Just World

Created by Maura Campbell , The Pitch 2020

Description

JUDGE EVA ROGAN (38) holds victims of crime to account in the Court of Reckoning, sentencing them based on their level of culpability in the crimes committed against them. Outside her court, protestors gather in response to the increasingly draconian laws being passed by The People’s Party, elected on the promise of ‘Tough on Crime, Tough on the Causes of Crime’ – one of the causes being people allowing themselves to become victims. Crime rates are plummeting as victims become fearful of reporting, lulling the rest of society into a false sense of security, but Eva is convinced the independent judiciary will hold the government in check. Eva, herself a victim of coercive control at the hands of her partner DAVID (48), finds herself pregnant. When the Court of Appeal starts handing down even stiffer penalties to victims of sexual and domestic violence, Eva finally realises her faith in the law has been misplaced. She joins forces with the sole journalist allowed in court, JARLATH DUFFY (35), giving him an interview that sets her on a collision course with both her abusive husband and the profession to which she’s dedicated her life. What will happen when Eva faces her own reckoning?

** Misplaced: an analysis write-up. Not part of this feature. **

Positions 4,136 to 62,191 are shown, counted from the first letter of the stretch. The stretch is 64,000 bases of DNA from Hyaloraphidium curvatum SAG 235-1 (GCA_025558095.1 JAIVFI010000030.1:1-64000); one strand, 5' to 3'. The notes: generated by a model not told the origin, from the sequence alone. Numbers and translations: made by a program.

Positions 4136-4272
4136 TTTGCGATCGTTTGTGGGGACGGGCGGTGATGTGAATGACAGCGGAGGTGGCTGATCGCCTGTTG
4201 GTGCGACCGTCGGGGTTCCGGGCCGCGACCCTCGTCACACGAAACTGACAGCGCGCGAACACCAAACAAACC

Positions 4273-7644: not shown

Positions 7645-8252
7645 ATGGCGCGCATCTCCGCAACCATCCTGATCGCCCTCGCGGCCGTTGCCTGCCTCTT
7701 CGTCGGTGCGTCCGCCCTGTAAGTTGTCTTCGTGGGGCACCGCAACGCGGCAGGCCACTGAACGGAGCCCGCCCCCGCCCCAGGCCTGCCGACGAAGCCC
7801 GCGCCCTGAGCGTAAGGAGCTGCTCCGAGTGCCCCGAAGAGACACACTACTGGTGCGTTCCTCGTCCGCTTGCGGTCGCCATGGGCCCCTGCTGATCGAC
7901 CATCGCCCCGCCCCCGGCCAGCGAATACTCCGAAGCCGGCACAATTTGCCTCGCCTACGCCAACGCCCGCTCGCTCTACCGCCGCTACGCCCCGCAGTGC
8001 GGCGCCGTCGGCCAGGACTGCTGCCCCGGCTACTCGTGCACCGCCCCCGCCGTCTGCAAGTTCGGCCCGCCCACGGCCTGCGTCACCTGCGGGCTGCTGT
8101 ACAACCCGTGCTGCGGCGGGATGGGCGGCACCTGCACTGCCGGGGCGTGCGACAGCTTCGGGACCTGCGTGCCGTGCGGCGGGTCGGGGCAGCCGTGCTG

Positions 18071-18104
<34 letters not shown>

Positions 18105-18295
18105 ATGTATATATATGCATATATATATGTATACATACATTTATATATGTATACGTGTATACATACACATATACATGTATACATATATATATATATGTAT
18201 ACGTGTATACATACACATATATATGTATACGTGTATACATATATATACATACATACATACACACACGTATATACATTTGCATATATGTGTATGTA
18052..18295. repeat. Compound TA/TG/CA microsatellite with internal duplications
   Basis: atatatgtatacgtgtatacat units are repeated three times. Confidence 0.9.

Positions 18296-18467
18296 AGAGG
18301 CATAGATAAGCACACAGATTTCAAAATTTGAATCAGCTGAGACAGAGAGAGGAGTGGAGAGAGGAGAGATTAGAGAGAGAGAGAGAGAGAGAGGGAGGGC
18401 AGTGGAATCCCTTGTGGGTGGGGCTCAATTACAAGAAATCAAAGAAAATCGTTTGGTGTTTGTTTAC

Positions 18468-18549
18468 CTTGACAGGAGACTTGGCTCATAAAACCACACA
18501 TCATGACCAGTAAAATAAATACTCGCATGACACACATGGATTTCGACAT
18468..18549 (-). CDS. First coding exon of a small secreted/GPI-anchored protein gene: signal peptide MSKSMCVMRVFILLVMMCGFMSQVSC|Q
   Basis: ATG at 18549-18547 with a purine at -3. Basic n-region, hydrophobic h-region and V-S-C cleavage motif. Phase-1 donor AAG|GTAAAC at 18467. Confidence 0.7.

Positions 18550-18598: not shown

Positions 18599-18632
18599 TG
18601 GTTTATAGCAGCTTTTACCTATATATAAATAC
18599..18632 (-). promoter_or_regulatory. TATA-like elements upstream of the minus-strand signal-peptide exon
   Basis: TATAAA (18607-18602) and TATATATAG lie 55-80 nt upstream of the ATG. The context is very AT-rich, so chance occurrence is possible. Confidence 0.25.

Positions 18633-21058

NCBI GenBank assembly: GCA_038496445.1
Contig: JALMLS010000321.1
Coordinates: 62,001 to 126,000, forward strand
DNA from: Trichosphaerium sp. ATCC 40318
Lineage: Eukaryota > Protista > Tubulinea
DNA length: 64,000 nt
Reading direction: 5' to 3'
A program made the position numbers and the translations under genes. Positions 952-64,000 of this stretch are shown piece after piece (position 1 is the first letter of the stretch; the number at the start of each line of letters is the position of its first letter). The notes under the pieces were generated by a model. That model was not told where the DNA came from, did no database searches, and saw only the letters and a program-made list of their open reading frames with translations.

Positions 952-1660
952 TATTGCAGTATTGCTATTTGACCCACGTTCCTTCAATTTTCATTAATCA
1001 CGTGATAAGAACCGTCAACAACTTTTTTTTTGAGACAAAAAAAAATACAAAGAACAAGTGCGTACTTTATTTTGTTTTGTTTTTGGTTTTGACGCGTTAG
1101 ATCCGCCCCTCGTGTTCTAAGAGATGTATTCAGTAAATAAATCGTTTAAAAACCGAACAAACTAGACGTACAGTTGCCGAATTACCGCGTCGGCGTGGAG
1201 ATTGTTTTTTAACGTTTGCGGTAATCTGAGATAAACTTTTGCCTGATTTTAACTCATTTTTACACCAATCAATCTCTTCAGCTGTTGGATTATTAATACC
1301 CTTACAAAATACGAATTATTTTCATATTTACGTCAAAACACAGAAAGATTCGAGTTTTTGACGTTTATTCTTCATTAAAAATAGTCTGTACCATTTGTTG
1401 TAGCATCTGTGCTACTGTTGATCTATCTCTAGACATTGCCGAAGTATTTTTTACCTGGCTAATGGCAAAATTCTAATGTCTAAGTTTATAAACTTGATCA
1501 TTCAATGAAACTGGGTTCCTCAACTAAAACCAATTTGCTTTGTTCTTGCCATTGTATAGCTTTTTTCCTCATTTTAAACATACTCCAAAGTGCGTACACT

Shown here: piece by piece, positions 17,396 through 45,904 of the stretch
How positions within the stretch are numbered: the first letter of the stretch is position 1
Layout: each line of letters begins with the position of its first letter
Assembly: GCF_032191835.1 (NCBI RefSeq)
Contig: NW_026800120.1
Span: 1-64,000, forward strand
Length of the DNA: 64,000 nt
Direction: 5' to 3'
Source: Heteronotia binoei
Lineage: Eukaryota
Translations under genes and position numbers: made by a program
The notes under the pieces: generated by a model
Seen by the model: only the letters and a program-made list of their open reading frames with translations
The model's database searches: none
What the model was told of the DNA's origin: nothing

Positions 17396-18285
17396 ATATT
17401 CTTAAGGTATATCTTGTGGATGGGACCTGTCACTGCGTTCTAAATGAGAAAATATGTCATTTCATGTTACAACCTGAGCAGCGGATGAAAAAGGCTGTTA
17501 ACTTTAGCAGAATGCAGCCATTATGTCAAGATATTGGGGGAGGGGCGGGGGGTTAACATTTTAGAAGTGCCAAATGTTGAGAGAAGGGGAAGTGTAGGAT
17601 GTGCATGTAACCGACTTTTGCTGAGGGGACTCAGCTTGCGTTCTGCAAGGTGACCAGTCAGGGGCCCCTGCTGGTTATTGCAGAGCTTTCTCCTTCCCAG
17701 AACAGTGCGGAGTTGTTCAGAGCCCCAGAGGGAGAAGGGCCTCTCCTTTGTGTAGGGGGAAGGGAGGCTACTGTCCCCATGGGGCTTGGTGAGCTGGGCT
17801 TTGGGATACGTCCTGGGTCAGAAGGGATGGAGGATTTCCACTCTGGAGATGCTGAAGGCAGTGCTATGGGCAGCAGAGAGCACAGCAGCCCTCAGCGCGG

Biblical Connection

The biblical source I have drawn from is the Book of Job, which is the earliest recorded example of ‘Just World Theory’ – the idea that only good things happen to good people. Job’s story exemplifies the logic that if God is almighty and just, then suffering must be proof of guilt. This argument is voiced by Job’s three friends, Eliphaz the Temanite, Bildad the Shuhite and Zophar the Naamathite in verses such as Job 8:20 (“Surely God does not reject one who is blameless or strengthen the hands of evildoers.”), Job 20:29 (“Such is the fate God allots the wicked, the heritage appointed for them by God.”) and Job 22:4-5 (“Is it for your piety that he rebukes you and brings charges against you? Is not your wickedness great? Are not your sins endless?”). The words of Jobs’ ‘comforters’ echo the sentiments of those who blame victims for their own misfortune – the girl whose skirt was too short, the man who failed to protect his property or the woman who chose to stay with the abusive husband. Job’s story also explores the theme of faith in a higher power being tested – though in Eva’s case her faith is utterly misplaced.